The view from the top may technically be free, but the private soirees won’t be. Many firms are planning their events for networking or business development purposes, so the company will pick up the tab.

Several people organizing their company’s event said they view the expense as an investment, though they declined to share their budgets for the weekend. It’s a token of appreciation to clients for their business and to employees for their hard work, they said.

At the Center Club, a business, dining and networking club, members live by that mindset. The club is located on the top floors of the Transamerica Tower on Light Street, which also overlooks the racetrack, and will extend its hours to accommodate members who want to bring guests inside for a break from the race chaos.

Nancy Sloane, director of membership and marketing, said the club welcomes the opportunity to help Baltimore prosper from the Grand Prix.

“It’s a great thing for the city, and we need to get behind it,” Sloane said. “That’s how things become successful. It’s expensive for us to bring our staff in [Saturday and Sunday], but we thought it was important. If our members were going to be supporting this event, we wanted to make this investment and be available to them. Businesses need to be boosters of the city.”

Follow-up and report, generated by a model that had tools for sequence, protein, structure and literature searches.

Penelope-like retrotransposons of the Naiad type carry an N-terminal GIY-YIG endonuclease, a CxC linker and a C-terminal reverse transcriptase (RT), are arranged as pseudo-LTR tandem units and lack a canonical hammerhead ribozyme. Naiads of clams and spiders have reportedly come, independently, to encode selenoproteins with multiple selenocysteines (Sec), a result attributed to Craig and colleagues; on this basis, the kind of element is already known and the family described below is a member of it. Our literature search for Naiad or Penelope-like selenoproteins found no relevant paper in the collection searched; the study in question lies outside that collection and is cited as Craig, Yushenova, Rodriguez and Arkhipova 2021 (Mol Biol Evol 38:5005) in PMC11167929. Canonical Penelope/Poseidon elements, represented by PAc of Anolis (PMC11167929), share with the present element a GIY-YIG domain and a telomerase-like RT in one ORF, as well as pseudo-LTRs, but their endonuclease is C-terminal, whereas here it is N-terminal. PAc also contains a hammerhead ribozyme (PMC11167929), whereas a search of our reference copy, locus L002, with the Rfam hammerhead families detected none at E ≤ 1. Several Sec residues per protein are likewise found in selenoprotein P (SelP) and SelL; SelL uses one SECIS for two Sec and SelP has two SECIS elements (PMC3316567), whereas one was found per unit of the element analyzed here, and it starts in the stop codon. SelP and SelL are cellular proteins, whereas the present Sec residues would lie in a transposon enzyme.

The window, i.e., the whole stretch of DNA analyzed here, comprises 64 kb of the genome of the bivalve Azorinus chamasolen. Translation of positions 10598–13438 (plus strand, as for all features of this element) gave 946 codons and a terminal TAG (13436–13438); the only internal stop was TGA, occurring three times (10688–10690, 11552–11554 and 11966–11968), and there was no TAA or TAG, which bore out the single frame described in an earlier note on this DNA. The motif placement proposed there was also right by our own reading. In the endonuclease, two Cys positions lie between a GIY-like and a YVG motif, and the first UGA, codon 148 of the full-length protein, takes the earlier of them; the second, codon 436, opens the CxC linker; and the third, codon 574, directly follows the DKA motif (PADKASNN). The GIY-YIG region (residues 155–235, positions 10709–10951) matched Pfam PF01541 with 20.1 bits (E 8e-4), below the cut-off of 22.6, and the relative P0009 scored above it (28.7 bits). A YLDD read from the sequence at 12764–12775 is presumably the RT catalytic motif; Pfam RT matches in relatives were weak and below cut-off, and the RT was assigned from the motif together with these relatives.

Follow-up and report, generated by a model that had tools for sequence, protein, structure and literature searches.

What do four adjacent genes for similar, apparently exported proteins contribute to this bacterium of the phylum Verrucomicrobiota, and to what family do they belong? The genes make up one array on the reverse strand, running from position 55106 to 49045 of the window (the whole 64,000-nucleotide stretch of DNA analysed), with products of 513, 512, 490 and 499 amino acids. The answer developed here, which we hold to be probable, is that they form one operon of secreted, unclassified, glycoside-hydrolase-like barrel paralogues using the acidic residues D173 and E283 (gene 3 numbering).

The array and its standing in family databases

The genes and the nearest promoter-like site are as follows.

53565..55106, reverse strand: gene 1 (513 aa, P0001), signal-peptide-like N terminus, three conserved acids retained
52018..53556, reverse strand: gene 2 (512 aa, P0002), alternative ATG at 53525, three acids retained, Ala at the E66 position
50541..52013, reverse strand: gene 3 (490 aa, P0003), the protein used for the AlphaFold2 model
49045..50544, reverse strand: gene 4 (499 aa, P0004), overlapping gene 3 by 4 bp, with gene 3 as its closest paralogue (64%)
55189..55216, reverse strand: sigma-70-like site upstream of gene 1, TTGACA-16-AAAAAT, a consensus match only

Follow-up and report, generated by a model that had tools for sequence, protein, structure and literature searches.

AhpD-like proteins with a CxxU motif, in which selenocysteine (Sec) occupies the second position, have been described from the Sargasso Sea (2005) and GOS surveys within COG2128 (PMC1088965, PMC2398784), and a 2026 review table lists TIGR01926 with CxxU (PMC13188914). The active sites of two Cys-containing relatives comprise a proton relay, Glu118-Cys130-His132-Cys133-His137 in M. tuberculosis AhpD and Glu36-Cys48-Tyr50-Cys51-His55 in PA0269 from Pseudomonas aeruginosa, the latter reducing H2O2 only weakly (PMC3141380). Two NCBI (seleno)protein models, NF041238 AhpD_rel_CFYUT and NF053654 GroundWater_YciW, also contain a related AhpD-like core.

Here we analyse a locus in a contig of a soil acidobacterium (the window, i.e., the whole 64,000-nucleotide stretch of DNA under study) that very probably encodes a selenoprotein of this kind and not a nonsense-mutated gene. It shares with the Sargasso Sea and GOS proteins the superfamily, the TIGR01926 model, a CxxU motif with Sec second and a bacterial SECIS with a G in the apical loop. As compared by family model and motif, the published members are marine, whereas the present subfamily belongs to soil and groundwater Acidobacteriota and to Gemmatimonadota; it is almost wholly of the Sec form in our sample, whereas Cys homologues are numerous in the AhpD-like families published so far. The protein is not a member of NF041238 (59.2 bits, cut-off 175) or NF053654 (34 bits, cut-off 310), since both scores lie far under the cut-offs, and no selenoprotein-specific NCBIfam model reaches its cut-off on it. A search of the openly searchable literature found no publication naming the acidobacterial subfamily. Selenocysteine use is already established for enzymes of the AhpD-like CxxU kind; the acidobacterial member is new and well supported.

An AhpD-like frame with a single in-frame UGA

Womble Carlyle Sandridge & Rice, which shares a floor with Curlett’s firm, invited guests last year, as well, during the inaugural Grand Prix of Baltimore. People enjoyed being able to split their time between the air conditioned conference room and the track, said David Hamilton, a partner with the firm.

The variety made the experience more enjoyable for many, he said, and might entice others to spend their weekend in Baltimore.

“People said, ‘Wow, this is something very interesting,’” Hamilton said. “The folks we invited last year — not only will they come back this year, they’ll bring someone with them.”

Setting up a home base in an office building for the weekend encourages more people to attend the race, agreed Alan Cason, a partner with law firm McGuire Woods LLP. Cason, a self-proclaimed “motor-head,” said he travels around the country to watch street races, and understands the value of bringing friends and family along for the ride in a setting where they feel comfortable.

Last year, McGuire Woods set up a hospitality tent at the home of Jennifer J. Stearman, a partner with the firm who lives along the perimeter of the course. Even though Stearman said the view from her house “couldn’t be more perfect,” the company took a different route this year, opting to rent a suite with a balcony at the Hilton Baltimore Hotel on Pratt Street.

Cason said they also purchased tickets for their guests, including some reserved grandstand seating.

“We’re excited to be able to participate and get some of our clients together and support the race,” he said.

Mayer said he hopes people watching from outside the gates will choose to come inside next year.

“We hope those people [in offices] will have a great experience with the race,” he said. “And next year, we would hope they realize a big part of the experience is to come inside and see the race we’re putting on, and get close to the racecars and experience all of that.”